The Science Behind the Screens

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Emma Groves, Staff Writer

With technology advances occurring more frequently than ever, society has become a world full of screens that many find hard to draw away from. While this upcoming technology can be better for production and manufacturing, it can lead users to draw away from relations outside of the screens that surround them, and thus causing connectivity issues alongside impaired social and emotional skills.

According to, the majority of teenagers spend over nine hours a day on devices. Many argue that they are connecting with friends on various social media platforms and messaging apps, but in reality, these communications are merely one dimensional and ephemeral. When opening a photo or sending a dm, are you really making a lasting connection with whoever you’re talking to? How much easier and real would it be to make that same connection with the person in front of you rather than on the screen in your hands? According to, these “connections” leave people feeling just as friendless, if not more so, as before and leads to shallower relationships in the future. In addition to this, the American Journal of Preventative Medicine argues that being on social media for over two hours a day makes you two times as likely to feel socially isolated.

In addition to social isolation, excessive screen time can lead to brain damage as proven by the Radiological Society of North America. Researchers discovered that youth with internet or smartphone “addiction” actually demonstrated imbalances in the chemical makeup of the brain compared to a controlled group of technology users. A similar study appeared in the Journal of the Association for Consumer Research that discovered the cognitive capacity was tremendously reduced whenever a device such as a smartphone was within reach, even when the phone was turned off.

In addition, researchers believe that the use of a smartphone may have a significant impact on children’s social and emotional development. Drawing from the journal Pediatrics, Boston University School of Medicine researchers look into the available literary works on devices used commonly among children. In their findings, they warn that such devices may have detrimental long-term effects on children, specifically their social and emotional development. The issue becomes more prominent as the devices are used to replace activities that usually help build and enhance visual and sensory motor skills. It is noted that the findings are not quite finished and unknowns are still to be seen, but as it stands, researchers question the interference devices have with social and emotional skills like problem-solving and unstructured play.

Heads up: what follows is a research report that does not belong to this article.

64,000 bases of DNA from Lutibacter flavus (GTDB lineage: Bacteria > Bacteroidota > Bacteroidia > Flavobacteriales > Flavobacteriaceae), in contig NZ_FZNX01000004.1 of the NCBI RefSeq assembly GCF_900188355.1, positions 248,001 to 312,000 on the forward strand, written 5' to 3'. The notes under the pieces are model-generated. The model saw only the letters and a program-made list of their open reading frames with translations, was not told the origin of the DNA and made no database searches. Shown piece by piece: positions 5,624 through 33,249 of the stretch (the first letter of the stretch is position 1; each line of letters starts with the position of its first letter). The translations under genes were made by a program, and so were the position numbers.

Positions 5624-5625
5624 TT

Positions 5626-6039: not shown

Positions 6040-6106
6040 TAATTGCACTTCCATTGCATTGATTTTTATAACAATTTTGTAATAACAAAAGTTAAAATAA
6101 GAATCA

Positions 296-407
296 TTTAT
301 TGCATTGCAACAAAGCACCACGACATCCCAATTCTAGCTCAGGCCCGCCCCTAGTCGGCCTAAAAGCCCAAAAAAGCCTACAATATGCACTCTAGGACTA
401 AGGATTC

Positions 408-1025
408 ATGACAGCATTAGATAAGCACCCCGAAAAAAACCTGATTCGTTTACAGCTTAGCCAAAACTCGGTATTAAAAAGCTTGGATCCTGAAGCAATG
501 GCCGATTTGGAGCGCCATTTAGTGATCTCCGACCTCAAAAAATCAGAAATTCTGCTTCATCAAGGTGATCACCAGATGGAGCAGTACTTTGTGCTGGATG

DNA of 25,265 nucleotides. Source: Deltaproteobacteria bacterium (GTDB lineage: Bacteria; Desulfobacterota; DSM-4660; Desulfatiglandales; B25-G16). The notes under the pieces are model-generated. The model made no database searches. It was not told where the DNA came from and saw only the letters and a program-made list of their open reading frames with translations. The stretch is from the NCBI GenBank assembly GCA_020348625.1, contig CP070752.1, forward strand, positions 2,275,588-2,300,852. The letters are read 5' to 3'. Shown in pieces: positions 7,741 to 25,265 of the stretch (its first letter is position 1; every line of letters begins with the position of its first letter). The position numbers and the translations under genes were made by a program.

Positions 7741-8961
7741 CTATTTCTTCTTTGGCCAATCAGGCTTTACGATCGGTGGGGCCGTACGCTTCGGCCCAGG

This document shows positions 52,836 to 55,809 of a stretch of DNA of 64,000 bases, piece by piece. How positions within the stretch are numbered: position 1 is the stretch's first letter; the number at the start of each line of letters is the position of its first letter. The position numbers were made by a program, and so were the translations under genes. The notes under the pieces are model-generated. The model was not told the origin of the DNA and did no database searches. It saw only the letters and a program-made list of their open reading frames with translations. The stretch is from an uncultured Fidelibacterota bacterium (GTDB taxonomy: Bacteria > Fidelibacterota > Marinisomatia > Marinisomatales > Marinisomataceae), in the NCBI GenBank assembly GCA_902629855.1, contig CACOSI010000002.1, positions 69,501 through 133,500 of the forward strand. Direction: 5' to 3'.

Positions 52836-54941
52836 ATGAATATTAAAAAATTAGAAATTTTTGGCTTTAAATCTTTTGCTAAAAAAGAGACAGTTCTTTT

Lastly, it has been proven that these devices can affect you even in your sleep. In a study written in the Proceeding of the National Academy of Sciences, the time you spend before bed can be crucial to your sleep cycle, especially the time you spend scrolling through social media, checking your email or even playing Trivia Crack right before bed. Experts warn that the light emitted from your device’s screen can deter your sleep cycle even after you turn the device off. In the study done by the Proceeding of the National Academy of Sciences, a dozen adults were tested on the effects of cellphone usage before bed, and it was found that those who read on a device before bed displayed reductive levels of melatonin. It also caused these participants to have a greater time taken to fall asleep and they experienced less REM sleep during the night. Why? Due to the blue light emitted through their handheld devices. According to the research, “The cells at the back of the eyes contain a light-sensitive protein that picks up certain wavelengths of light. These light-sensitive cells then send signals to the brain’s “clock” that regulates the body’s circadian rhythms. Normally, blue light peaks in the morning, signaling your body to wake up for the day. Red light increases in the evening, signaling that it is time to wind down and go to bed. By interrupting this natural cycle with the blue light emitted by mobile devices, the normal sleep-wake cycles are thrown out of whack.”

With the research piling up almost as quickly as Apple’s assembly line, one has to stop and consider the long-term effects of these glorified devices. The greatest things can still be great as long as they are held in moderation and treated carefully, for if we ignore the effects of these rapid technological advances, we are setting ourselves up to become slaves to the screens that bind our attention. It is through moderation and education that one can be set free of the screens we are bound to.